This has been an emotional week. The week started out with my brother’s birthday. He would have been 53. My family circled the wagons, most of us gathering to share a meal and celebrate him. My uncle from Washington called and talked to all of us. My youngest son and I texted throughout the day and his family had their own birthday dinner celebration. The only ones missing were my brother’s daughters.
I’ve received some emails in response to my post Gun Deaths Since Newtown. I am touched by the outpouring of grief and sadness shared with me, a total stranger. I am also overwhelmed with their trust to share their struggles with their faith and God. Often it is safer to share your doubts and questions with someone who doesn’t know you and who (hopefully) won’t come back with trite platitudes that don’t help.
I though I’d share a few things I’ve learned in the crucible of life that have equipped me to cope with the ever-changing landscape.
1. You are not alone. You may feel alone. You may want to be alone. But, you are not alone. Someone somewhere has gone through something very similar and survived. You may not know of anyone who has dealt with what you are now dealing, and even if you do know someone, you aren’t interested in hearing their version of your situation. You may not know it, but you have now become an elite member of The [whatever the horribleness is] Horribleness Club. Other members will find you. You’ll be surprised.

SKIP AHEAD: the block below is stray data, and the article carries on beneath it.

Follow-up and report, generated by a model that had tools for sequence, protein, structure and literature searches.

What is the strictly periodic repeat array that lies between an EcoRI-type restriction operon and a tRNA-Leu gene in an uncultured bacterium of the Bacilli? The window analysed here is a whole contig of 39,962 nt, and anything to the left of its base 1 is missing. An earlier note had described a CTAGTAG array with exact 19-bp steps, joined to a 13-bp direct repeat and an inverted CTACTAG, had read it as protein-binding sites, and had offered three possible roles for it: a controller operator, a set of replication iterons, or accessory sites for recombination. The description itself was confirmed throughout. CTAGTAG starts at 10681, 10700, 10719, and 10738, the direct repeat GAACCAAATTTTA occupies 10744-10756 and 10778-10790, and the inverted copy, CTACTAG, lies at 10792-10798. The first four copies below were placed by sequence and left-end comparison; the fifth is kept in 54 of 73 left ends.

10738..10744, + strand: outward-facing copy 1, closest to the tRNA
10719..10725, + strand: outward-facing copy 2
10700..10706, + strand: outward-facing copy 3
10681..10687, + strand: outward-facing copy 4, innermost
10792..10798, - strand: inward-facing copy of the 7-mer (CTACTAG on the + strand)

2. You will be unhinged. The body and psyche have their own ways of coping with trauma. It’s temporary, it’s unpredictable, and it’s unnerving. It will pass. You’re sleep may be disrupted. You may not remember much. You may find yourself crying in the produce section of the grocery store. It’s not the same for everyone and everyone has their own timetable toward a new normal. You may find your faith is shaken and you have a lot of unanswered questions. That’s good. Self-care is important because you need time, safe places, and safe people to recover from the full-on assault of the horribleness.
3. You will evolve. If it does nothing else, horribleness will change you. You will find out who are your real friends. You will learn what is truly helpful when going through rough waters and how to be helpful to others. You will discover good and not-so-good things about yourself that you will use as information in your evolution process. You may even learn to be thankful for the horrible experience (although it would surely be much nicer to not have to go through it) because you are wiser, more caring or understanding, a better listener, and a whole host of other commendable characteristics that have been added to your humanity repertoire.
Many people may be well-meaning, but still say unhelpful things, not want to hear what you have to say, and tell you how to get through it. You have permission to not listen to them or take their advice.
It takes courage, but your answers for yourself are within you. I believe that’s how God speaks to us. And if you’re not on speaking terms with God, pour it out in a journal. You may be surprised by your insights. And if that doesn’t work, I’ll listen.